Company cashes in on business of sounds; China’s first sound property rights exchange, www.vocc.cn, went online officially in Hefei, Anhui, on July 1

Company cashes in on business of sounds

Updated: 2013-10-06 07:07

By Shi Jing in Shanghai ( China Daily)Interest grows in online property rights exchange

When people think of Intel, they first think of the company’s signature four-note jingle ratherthan its computer processing units.

This “sound logo” not only differentiates Intel’s advertisements from its competitor’s, but alsohelps to make the brand more valuable.

Seeing the potential profit looming big from Intel’s example, some Chinese investors areworking to introduce a similar business of sounds to the country.

China’s first sound property rights exchange, www.vocc.cn, went online officially in Hefei, capitalof Anhui province, on July 1. The exchange includes pop music as well as all kinds of everydaysounds including a dolphin’s cry, the sound a sweater makes when its wearer breathes in andout or the whoosh of a swinging golf club.

All transactions for the sounds and music are made online, in the similar way that China’slargest e-commerce site Taobao.com runs its business.

Although the number of registered users has not grown exponentially over the past few months,it has grown steadily. By the beginning of September, the site reached 38,000 account holders,according to Zhang Nan, director of the exchange’s marketing department.

In collaboration with Alipay, China’s largest third-party payment platform, the site offers easypayment, collecting a 20 percent commission per transaction.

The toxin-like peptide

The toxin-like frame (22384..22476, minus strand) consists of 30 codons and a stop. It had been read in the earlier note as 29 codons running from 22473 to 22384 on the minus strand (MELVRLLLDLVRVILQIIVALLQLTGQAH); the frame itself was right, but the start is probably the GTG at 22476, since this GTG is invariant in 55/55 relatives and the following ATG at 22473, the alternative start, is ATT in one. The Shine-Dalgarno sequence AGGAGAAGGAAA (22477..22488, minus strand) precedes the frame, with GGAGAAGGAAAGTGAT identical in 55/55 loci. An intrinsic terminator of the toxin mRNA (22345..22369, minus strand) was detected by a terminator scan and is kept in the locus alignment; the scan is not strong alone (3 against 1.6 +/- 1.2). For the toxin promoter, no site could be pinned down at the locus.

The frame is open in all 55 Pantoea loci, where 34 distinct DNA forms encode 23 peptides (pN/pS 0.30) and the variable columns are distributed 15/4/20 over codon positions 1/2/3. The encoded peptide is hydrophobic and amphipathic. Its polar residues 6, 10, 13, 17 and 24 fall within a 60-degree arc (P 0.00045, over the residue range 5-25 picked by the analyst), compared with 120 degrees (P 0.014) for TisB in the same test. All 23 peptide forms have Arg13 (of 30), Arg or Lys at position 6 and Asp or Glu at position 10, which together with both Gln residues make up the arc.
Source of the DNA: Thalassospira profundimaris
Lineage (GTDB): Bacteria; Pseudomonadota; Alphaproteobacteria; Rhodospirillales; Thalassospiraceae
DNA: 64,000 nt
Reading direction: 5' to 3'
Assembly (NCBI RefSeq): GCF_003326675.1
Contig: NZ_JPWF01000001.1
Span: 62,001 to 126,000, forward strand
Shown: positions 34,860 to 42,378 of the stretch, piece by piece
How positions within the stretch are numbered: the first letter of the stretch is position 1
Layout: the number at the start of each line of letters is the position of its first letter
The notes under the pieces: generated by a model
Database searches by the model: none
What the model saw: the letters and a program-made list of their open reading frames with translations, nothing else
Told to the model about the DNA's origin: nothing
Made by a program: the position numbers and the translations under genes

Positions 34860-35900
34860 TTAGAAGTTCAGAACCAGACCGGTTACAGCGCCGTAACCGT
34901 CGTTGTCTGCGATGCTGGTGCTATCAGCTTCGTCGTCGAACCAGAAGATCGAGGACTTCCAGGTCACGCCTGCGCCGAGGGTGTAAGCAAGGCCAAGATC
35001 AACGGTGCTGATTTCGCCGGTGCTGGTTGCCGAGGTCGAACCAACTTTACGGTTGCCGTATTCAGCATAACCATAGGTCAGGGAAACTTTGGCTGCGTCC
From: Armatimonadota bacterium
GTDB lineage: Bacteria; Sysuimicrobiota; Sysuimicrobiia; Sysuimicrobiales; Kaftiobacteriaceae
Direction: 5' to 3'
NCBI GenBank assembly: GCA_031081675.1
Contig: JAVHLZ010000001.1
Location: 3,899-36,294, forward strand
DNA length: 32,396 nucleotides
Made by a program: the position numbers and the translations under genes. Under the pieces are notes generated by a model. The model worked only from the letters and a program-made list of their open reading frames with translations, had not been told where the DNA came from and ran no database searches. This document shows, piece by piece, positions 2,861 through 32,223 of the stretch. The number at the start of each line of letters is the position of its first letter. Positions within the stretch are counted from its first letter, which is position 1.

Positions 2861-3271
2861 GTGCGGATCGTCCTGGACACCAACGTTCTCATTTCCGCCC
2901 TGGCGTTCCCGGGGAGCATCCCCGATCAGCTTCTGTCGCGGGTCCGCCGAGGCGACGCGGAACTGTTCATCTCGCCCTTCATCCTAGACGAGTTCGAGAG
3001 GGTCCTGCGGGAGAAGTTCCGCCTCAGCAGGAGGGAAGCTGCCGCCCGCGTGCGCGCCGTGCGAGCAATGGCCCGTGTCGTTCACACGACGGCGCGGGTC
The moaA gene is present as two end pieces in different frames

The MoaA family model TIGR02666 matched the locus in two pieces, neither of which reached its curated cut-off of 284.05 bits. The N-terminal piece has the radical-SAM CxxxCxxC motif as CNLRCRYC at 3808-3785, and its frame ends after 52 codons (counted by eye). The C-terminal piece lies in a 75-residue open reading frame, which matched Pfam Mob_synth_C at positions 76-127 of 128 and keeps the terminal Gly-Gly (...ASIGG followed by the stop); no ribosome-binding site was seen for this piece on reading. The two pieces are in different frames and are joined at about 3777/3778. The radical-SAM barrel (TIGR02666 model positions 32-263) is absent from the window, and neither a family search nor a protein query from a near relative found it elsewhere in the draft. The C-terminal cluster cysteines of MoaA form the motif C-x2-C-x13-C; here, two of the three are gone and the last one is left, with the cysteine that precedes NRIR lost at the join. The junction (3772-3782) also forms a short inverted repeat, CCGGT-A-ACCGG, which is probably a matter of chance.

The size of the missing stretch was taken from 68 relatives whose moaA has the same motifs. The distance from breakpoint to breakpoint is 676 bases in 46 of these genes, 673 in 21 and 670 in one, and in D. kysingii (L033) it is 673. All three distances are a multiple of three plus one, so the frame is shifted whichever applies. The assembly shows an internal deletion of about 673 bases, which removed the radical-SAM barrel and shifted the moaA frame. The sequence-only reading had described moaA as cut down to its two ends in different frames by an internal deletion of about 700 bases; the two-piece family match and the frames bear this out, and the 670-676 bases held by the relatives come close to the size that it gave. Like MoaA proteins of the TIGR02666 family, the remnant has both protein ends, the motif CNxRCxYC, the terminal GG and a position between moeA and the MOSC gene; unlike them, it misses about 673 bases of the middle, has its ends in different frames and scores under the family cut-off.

“E-commerce has been thriving in recent years and has become the mainstream way to buy forconsumers. Over time, it has become a highly efficient and safe way to make a payment, andit’s widely accepted by the general public. The widespread appeal of e-commerce hascontributed to the birth of this online sound property rights exchange,” said Zhang.

According to the Internet industry research organization iResearch, the trade volume of e-commerce reached 8.1 trillion yuan ($1.3 trillion) in China last year, up about 27.9 percentyear-on-year. Taobao.com, the largest e-commerce platform in China, saw its trade volumeexceed 1 trillion by the end of last year, which was about 2 percent of the country’s GDP in2011.

Database of sounds

There are three kinds of registered users on the exchange: well-known music producers suchas Li Zejian, one of the most popular singers online, manufacturers of musical instruments suchas Yamaha, and grassroots music producers who have uploaded works online in hopes ofbeing discovered or finding work.

The exchange was created based on the materials and experiences of the sound databaseGlobal Sound Valley, which started operation in the early 2000s. Qin Bo, founder of the Valley,put the huge database together with the aim to promote Chinese culture.

“We should come up with a form of culture that is abundant with local characteristics that theinternational market is willing to pay for,” said Qin, adding that his database is a step in theright direction for keeping Chinese traditions relevant in the digital age.

At present, the database has collected over 40,000 sounds and songs, and the ultimate targetis 1 million.

Of course, the online sound exchange will help promote the creation of originally producedmusic in China to some extent. But more importantly, it acts as a means to raise awareness ofintellectual property rights protection, as e-commerce makes online transactions of propertyrights more accessible.

“In the early 2000s, there was little awareness of intellectual property rights protection in China.The phenomenon was even more rampant on the Internet, in terms of music downloading. Butover time, as there is more communication between China and other countries on the subject,Chinese consumers have come to realize that property rights and ideas have a price,” saidZhang.

He also added that the growing popularity of the Twitter-like Sina Weibo and other socialnetwork services have helped to popularize the concept of intellectual property rightsprotection, especially among celebrities urging for more protection of copyrighted music andmovies.